I could say a lot about the fact that the city published the Teacher Data Reports, and a lot has been said and needs to be said about it. But, since a picture is worth a thousand words, I thought I would just post one teacher's data. It so happens that this teacher teaches the same subject to 6th and 7th grade students. It seems that the teacher in question can teach the heck out of the 7th grade, as he scores in the 88th percentile. He must be a master teacher! But, amazingly, when faced with 6th grade math, well, the wheels fall off the bus, as he scored in the 27th percentile. This teacher is 50 percentage points better at teaching the higher grade than the one just prior to it. I think this data speaks for itself. If it doesn't, then you must work in the New York City Department of Education, but you don't teach.
Editor's Note: I have since found many more intra-teacher variations, and even greater disparities in supposed teacher quality for individuals teaching more than one grade. Victor Vargas, Guillermin Reynoso, and Tony Toral's scores are some examples that I found by clicking on "Random Schools" five times. How does anyone explain these results? Mr. Vargas, in particular, is in the 99th percentile for 7th grade math, but 11th percentile for 8th. Please, please explain how this is possible. Now my quest is to find a teacher with an even wider gap than that! I'm sure that teacher is out there. I'd love someone to find and interview him or her.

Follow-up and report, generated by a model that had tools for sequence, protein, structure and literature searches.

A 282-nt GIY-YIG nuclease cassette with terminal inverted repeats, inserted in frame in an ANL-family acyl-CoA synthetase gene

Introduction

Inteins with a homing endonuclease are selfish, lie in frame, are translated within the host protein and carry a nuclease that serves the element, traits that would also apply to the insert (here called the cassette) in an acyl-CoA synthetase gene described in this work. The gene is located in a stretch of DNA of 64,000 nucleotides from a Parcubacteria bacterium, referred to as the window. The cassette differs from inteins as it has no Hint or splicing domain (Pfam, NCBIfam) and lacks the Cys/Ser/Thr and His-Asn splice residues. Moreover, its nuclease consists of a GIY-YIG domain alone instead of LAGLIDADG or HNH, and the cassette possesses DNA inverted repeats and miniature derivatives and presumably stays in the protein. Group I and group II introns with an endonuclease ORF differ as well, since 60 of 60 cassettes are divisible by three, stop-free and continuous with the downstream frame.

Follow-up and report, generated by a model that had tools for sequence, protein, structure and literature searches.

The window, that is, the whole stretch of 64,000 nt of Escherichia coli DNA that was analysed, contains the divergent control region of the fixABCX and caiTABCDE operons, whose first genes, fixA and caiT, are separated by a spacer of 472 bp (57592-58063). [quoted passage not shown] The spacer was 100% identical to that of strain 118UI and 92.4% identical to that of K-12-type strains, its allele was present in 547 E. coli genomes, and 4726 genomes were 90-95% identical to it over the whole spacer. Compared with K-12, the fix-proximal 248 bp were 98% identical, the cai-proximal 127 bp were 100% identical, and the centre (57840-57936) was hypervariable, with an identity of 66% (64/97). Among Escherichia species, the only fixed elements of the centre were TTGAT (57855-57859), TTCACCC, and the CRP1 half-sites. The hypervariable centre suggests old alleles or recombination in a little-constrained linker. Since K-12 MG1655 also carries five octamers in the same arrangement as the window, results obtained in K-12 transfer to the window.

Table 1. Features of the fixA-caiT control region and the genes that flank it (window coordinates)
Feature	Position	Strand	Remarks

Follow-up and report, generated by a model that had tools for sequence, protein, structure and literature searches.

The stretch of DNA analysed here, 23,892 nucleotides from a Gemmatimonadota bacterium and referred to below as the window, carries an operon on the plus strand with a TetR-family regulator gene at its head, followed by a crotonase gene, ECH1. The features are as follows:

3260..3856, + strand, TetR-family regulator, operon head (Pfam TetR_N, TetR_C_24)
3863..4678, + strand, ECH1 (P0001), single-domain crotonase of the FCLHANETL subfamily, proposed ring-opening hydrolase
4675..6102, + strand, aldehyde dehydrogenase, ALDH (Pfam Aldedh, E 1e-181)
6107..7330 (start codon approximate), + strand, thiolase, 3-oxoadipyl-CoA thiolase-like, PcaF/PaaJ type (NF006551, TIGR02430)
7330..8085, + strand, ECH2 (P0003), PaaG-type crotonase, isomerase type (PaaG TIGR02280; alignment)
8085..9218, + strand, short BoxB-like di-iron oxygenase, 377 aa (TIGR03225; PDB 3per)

I have crooked teeth from my parents and a wacky arm from a stroke. My daughter describes me as funny and smart, while she describes the other Linda from Mommy and Me as pretty and nice. So, I'm not pretty nor nice. I love the French people, French language (I'm fluent), French food, culture, architecture... In short, all of France! I'll read anything in front of me. I know more about middle school math than, well, anyone, INCLUDING my middle school math teacher husband (let's see if he reads this). I'm not happy if I'm not painting something.